Posted in books, detectives, mysteries

Three Favourite Literary Detectives (Who Aren’t Holmes or Poirot)

For many readers, the detective makes or breaks the mystery. As important as the case is, if we’re not invested in the sleuth, it doesn’t matter how innovative the clues or how gruesome the murder. I watched Castle because I loved watching Nathan Fillion’s facial expressions and the awesome chemistry between him and Stana Katic, not because I was particularly worried about the murder of the week.

Great mysteries happen when you have great characters figuring out the inventive solutions to puzzling crimes. Our classic usual suspects, Sherlock Holmes, Miss Marple, Hercule Poirot, Sam Spade, and their ilk, deserve the homage paid to them. But here are some modern sleuths (written about in the past decade, though appearing  in various historical settings) who make me race to bookstore for their latest outings.

Timothy Wilde, the Gods of Gotham series
Written by Lyndsay Faye

gotham

This marvelous trilogy plunges you deep into New York City of the 1840s. The police force, known for the copper stars they wear (hence “cop”), are largely skullbreakers who are embroiled in the often violent politics between the Democrats and Republicans. Enter Timothy Wilde, a mild-mannered bartender whose face is ruined in a fire. Losing his employment and his confidence, Tim also has some serious baggage about his larger-than-life, pansexual, vice-imbibing, politicking brother Valentine and the early deaths of their parents. Val works on the fledgling police force and gets Tim a job–one he’s surprisingly well suited for. Rather than simply trying to put a stop to violence as he sees it happening, Tim has a knack for detecting, following the clues in convoluted cases to solve much bigger-picture crimes. Faye steeps the whole world in the language of flash, a slang employed by the criminal element, and incorporates real world figures and crimes, giving her books incredible depth. Tim’s damaged face and childhood issues, his upstanding and forthright nature, and his tumultuous relationship with Val make him an intensely readable detective.

Flavia de Luce, the Flavia de Luce series
Written by Alan Bradley

sweetness

Now in its seventh instalment, the Flavia books present everything I want in a good mystery. Beginning with The Sweetness at the Bottom of the Pie, the series centres on Flavia, an 11-year-old girl in the post-war English countryside. Flavia has a fascination with poisons and her own working chemistry lab, thanks to a deceased uncle who set the lab up and a preoccupied father who lets her run rather wild. Motherless and without much direction, Flavia roams Buckshaw, the rambling, somewhat dilapidated family manor, avoiding being terrorized by her two older sisters. She also makes forays into the township of Bishop-of-Lacey on her trusty bicycle Gladys. And she finds no shortage of dead bodies! Flavia puts her excellent skills of detection to the test, often finding herself at odds with the well-meaning police constable. Written in a biting first person, Flavia’s voice and personality are exquisitely rendered and so much fun. The idyllic setting and eccentric secondary characters are also well-wrought, making each new book a joy to read.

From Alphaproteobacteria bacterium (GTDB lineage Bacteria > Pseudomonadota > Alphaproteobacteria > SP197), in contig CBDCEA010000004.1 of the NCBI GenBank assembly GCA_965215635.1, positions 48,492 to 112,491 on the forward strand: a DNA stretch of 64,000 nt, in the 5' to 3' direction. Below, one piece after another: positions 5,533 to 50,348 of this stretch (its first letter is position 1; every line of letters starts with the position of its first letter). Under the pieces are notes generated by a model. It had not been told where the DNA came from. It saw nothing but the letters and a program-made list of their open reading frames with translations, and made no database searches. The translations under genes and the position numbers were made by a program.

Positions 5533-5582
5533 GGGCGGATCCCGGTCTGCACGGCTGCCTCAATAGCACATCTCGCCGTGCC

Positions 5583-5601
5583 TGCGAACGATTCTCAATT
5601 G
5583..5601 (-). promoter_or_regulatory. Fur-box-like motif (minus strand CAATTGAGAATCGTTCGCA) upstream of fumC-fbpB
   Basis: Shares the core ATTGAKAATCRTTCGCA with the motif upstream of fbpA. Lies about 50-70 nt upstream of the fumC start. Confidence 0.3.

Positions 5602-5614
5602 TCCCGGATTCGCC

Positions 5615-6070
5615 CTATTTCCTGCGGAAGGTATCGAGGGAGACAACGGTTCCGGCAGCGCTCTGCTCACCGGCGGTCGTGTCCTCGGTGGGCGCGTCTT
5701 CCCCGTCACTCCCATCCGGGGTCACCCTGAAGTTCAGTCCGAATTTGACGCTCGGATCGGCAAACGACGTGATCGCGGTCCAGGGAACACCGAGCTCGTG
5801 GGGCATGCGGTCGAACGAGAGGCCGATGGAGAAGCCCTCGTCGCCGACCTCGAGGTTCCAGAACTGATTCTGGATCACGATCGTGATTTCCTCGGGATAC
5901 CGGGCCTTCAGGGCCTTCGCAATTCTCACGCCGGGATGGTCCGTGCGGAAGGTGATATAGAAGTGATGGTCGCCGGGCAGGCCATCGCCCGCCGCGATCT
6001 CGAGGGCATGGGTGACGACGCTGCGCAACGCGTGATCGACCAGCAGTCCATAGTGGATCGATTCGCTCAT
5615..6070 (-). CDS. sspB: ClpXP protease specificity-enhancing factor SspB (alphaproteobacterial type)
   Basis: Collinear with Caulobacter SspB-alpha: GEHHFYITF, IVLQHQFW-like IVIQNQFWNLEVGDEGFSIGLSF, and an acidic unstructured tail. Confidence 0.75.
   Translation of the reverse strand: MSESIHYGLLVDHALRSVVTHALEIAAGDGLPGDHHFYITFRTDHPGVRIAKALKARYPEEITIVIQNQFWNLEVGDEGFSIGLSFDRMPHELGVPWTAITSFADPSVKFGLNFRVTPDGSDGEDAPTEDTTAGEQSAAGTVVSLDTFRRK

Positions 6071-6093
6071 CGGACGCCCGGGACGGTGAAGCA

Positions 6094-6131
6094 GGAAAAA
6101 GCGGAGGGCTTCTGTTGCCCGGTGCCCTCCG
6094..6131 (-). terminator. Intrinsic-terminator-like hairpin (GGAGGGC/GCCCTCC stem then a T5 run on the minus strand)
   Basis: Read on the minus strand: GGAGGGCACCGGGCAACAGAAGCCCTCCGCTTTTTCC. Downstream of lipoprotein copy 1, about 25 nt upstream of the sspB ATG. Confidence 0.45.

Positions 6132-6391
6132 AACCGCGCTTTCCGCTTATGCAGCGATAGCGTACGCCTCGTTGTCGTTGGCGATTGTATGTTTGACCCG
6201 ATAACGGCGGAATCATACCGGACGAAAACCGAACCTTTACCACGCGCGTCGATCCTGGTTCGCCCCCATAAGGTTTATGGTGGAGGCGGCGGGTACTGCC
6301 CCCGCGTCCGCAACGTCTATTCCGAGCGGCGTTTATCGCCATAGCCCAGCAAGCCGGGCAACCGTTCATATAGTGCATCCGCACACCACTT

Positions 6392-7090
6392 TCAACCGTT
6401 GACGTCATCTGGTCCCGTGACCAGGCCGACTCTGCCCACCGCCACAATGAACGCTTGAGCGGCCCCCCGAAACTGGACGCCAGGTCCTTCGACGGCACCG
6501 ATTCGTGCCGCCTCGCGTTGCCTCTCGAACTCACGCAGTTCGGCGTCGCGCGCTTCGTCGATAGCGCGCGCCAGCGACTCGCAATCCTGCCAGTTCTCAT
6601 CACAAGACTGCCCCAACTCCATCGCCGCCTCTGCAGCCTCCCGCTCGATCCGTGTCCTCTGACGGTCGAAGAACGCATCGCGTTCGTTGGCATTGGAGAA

Ava Lee, the Ava Lee series
Written by Ian Hamilton

water rat

Ava Lee is a Canadian forensic accountant, which doesn’t sound like a terribly interesting hook. She’s also a kickass international woman of mystery, teaming up with her business partner, Uncle, in Hong Kong. Ava’s job is to follow the money using Uncle’s sometime-shady business contacts, untangling serious crimes that span nations and continents. And sometimes the hardest puzzles to untangle for her are familial relations, especially with her father in China and her mother in north Toronto. She’s no-nonsense and she isn’t afraid to employ brains, beauty, or the occasional burst of controlled violence to get what she needs. One of the things I enjoy about this series is that it’s not always about murder. The Wild Beasts of Wuhan, the third book in the series, is about art fraud and theft, one of my favourite subgenres in mystery.

Who are your favourite detectives? Share them in the comments!

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Author:

An editor and mystery writer. Loves coffee, tea, and wine, ballet, theatre, and opera, books, books, and books.

2 thoughts on “Three Favourite Literary Detectives (Who Aren’t Holmes or Poirot)

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